- Try to avoid the awful – “pick a partner” – you divide them…and here’s my FAVOURITE tip – I divide people not by 1, 2, 3, 4 but “Brilliant, Awesome, Wonderful, Superstar”…because then when people find each other they say “are you Brilliant”…and this makes them all smile!

- I am personally a VERY interactive trainer so I do things like “leadership aerobics” where people have to teach 8 bars of aerobics…BUT I only do this deeper into the session (eg afternoon if it’s a day, or session 2 or 3, so they can get used to me if it’s a programme) – let people build up to anything comfort zone challenging…AND when I run that exercise I teach enough first (I qualified as an aerobics teacher many years ago – before my QTS/Teacher training) so that people don’t need to think too hard…they can just repeat my steps

- If you are going to use role play – USE ACTORS. I use role play because it’s a great way to get people to try things and then reflect on them, but asking THEM to play roles is a bit “GCSE Drama”…and a) I used to teach that, and b) it’s AWFUL for adults!! So I have an actor (also an L&D professional) who is briefed on the areas of exploration and also knows when to push and when to stop. This way people are only doing the SELF development work…and through using the “forum” technique (Boal) – not everyone needs to volunteer to do the “performance” – but instead they can offer suggestions. (Or, if you have a lively group – then I do a whole set up where EVERYONE plays a part)…but again the reflection at the end is essential…reminding them NOW is the time to make mistakes and NOW is the time when it’s ok to think “Oh no….”! Brunel Business Life Customer Service Training 2AA - YouTube (BUT the key tip – use actors!!...but admittedly I’m a qualified professional British Equity actor so I know a few)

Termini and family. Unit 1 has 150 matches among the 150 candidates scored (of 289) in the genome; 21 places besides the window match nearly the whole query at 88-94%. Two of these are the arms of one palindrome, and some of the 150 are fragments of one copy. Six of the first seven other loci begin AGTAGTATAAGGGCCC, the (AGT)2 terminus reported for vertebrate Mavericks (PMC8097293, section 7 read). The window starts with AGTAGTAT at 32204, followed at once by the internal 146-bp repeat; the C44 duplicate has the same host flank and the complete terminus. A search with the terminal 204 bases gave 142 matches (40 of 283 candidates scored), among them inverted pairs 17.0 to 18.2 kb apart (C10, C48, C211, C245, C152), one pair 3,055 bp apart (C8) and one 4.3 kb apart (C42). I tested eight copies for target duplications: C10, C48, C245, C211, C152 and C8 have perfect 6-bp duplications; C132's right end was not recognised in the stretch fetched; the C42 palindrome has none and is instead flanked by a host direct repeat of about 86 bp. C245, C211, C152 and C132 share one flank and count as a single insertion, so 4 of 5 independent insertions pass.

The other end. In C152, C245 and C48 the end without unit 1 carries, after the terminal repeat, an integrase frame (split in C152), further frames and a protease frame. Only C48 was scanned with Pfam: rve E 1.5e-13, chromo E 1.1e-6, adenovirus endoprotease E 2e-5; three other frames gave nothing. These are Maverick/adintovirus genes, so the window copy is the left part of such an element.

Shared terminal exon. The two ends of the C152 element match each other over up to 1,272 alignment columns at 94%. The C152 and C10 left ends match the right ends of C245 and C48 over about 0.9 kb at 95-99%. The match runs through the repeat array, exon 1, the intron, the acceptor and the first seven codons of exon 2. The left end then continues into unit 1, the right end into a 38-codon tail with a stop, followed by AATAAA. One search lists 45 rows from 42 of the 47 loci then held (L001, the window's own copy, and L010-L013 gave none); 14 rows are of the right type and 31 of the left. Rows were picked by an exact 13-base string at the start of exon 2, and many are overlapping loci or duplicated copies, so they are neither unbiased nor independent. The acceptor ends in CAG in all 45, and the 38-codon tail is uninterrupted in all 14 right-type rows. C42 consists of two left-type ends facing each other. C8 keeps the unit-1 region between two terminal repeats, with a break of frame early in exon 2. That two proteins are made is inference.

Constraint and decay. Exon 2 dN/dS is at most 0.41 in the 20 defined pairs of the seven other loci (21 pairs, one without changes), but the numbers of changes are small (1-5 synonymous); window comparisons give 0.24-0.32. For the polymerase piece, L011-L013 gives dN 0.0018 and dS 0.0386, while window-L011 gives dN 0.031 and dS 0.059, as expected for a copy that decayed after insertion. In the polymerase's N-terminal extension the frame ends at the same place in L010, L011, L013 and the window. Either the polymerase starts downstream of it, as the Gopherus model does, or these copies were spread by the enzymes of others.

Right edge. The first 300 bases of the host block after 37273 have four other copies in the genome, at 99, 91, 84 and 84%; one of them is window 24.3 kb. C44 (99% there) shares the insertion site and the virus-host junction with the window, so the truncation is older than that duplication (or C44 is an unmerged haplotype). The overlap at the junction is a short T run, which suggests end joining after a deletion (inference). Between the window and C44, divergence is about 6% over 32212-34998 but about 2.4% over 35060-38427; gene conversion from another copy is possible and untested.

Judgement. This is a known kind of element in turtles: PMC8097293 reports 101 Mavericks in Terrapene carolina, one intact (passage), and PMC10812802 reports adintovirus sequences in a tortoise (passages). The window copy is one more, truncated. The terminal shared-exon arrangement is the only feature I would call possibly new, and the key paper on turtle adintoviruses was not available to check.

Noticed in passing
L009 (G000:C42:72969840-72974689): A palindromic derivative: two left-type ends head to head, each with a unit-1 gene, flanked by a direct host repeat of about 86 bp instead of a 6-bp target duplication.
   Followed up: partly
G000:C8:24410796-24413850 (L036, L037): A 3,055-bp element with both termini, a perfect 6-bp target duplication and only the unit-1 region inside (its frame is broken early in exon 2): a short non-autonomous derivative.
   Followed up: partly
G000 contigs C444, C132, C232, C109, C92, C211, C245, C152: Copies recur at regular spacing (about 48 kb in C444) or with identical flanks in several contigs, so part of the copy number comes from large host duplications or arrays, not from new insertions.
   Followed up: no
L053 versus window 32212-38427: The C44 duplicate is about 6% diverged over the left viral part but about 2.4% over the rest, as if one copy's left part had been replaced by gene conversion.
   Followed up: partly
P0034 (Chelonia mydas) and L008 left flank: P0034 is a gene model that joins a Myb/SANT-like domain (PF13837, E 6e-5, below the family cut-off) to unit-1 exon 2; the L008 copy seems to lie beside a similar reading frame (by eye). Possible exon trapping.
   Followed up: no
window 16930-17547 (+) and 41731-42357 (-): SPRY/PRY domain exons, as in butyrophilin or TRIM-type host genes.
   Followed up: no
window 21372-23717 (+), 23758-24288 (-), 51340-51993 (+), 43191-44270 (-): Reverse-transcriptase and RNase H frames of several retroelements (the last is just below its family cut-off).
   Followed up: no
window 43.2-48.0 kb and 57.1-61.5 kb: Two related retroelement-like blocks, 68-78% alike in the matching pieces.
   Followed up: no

- It is not the exercise but the LEARNING that matters – so another thing I deliver is a “tabletop escape” to teach team dynamics – and while the game itself is fun, where I can really teach is in the feedback eg: by asking people whether anyone surprised them, or observing (sometimes with video footage if the group allows) – and asking people “You said this at the start…why did you then do that…” https://youtu.be/DE1aNcC6ht0 ALWAYS make time to reflect, and always ask people things like:

o What key things did they learn about themselves/the topic

o How will they apply them

o What one thing can they do when they leave to make the changes they want?

§ Again – this can be done on a post it and they stick it in the wall as they leave, or they can speak them…again, read the room and have options.

- Be positive with your feedback – but the “hamburger technique” is too known and can sound false. I actually acknowledge this but take on the responsibility by saying – I don’t like the hamburger technique because the praise at the end sounds a bit like “and well done for showing up” – so I will ALWAYS praise something, then give them a very clear and specific area for work – and how they might make a start, but then ask them to ask any questions – or remind them they can chat in the break or at the end.